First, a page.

What is CPA?
The concept of Creative Professional Activity is based on the notion that certain types of professional activity encompass attributes of scholarship. The key word in this term is creative, but in assessing CPA as a basis for promotion, there must be evidence that the body of work has not only been creative, but has had an important impact on practice. Unlike the research criterion, evidence of dissemination or impact does not necessarily require research publications. Creative work can have an impact through a variety of forms including practice guidelines, professional organization recommendations, presentations in high-profile settings, or health policy changes. CPA comprises three related, but distinct activities: professional innovation, exemplary professional practice, and contributions to development of the discipline. Promotion can be based on any one element or on a combination of elements.
Professional innovation encompasses the notion that a faculty member may introduce or disseminate a novel technology, process, or concept, without necessarily having been personally involved in development of the product. For example, a clinical faculty member in our department introduced a novel catheter for renal dialysis and tested its effectiveness in clinical practice, without having played a role in “inventing” the technology. Having gained experience in its use, he then wrote guidelines for use of the new catheter and promulgated its uptake in clinical practice through presentations at professional meetings and peer-reviewed “state of the art” publications. These publications did not meet the traditional criteria of original research papers, but were scholarly, analytical, and integrative. Thus, the faculty member’s innovation was the introduction and dissemination of a new technology in the management of a common clinical problem.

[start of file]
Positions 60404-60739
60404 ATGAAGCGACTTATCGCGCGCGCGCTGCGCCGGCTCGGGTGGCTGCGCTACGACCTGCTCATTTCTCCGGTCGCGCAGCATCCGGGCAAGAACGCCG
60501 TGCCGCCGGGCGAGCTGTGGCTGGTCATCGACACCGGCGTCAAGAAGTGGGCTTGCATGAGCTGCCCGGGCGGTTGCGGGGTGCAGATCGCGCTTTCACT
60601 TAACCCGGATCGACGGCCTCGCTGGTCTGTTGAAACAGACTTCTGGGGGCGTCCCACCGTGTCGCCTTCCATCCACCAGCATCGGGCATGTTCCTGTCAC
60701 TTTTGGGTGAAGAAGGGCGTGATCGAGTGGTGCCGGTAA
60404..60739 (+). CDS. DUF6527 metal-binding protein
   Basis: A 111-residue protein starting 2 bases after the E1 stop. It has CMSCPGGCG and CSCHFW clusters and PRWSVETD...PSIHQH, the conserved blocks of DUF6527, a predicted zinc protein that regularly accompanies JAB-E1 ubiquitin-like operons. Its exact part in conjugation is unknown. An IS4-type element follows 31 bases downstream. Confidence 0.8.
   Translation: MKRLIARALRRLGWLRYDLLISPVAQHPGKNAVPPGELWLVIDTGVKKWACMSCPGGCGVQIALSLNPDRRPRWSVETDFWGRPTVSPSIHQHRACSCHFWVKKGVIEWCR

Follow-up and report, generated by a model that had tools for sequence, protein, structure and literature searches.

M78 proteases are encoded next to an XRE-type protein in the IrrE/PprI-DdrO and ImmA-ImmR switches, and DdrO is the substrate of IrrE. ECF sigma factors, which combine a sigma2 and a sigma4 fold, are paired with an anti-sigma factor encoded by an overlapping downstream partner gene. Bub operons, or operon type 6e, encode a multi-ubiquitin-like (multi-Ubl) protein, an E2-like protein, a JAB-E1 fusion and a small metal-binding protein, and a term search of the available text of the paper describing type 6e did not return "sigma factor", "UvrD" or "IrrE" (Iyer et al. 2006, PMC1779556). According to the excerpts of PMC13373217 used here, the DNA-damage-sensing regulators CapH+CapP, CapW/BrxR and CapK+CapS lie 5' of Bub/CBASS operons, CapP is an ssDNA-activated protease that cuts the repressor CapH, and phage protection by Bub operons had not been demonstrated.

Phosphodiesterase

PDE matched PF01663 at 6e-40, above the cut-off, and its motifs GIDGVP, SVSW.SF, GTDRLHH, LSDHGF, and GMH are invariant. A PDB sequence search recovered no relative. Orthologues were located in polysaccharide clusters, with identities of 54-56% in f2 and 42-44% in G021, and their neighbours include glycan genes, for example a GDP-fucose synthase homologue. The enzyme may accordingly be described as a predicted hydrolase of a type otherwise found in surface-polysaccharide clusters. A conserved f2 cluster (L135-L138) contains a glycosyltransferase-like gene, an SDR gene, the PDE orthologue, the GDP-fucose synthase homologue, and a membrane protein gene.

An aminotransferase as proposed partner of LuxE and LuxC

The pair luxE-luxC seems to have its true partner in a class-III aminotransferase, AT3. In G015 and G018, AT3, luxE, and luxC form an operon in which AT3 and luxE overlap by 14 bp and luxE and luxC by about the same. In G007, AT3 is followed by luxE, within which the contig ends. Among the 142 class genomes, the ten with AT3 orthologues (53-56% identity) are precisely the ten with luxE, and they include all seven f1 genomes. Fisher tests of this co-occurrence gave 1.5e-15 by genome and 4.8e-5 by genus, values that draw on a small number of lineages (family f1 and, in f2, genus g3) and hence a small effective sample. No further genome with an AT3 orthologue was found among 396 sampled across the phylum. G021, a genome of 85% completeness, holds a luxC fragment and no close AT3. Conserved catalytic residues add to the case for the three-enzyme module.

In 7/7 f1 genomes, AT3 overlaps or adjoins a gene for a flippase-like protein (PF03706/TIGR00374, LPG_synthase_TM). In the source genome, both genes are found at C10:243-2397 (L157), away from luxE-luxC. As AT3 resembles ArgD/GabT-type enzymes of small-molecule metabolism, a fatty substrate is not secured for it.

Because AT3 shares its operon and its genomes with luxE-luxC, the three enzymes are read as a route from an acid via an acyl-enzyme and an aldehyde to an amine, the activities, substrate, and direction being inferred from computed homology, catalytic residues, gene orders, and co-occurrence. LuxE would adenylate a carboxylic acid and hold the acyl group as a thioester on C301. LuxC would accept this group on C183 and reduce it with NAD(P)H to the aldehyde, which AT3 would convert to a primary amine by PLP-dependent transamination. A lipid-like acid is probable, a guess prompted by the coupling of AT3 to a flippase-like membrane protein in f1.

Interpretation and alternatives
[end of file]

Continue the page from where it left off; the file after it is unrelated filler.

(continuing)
Exemplary professional practice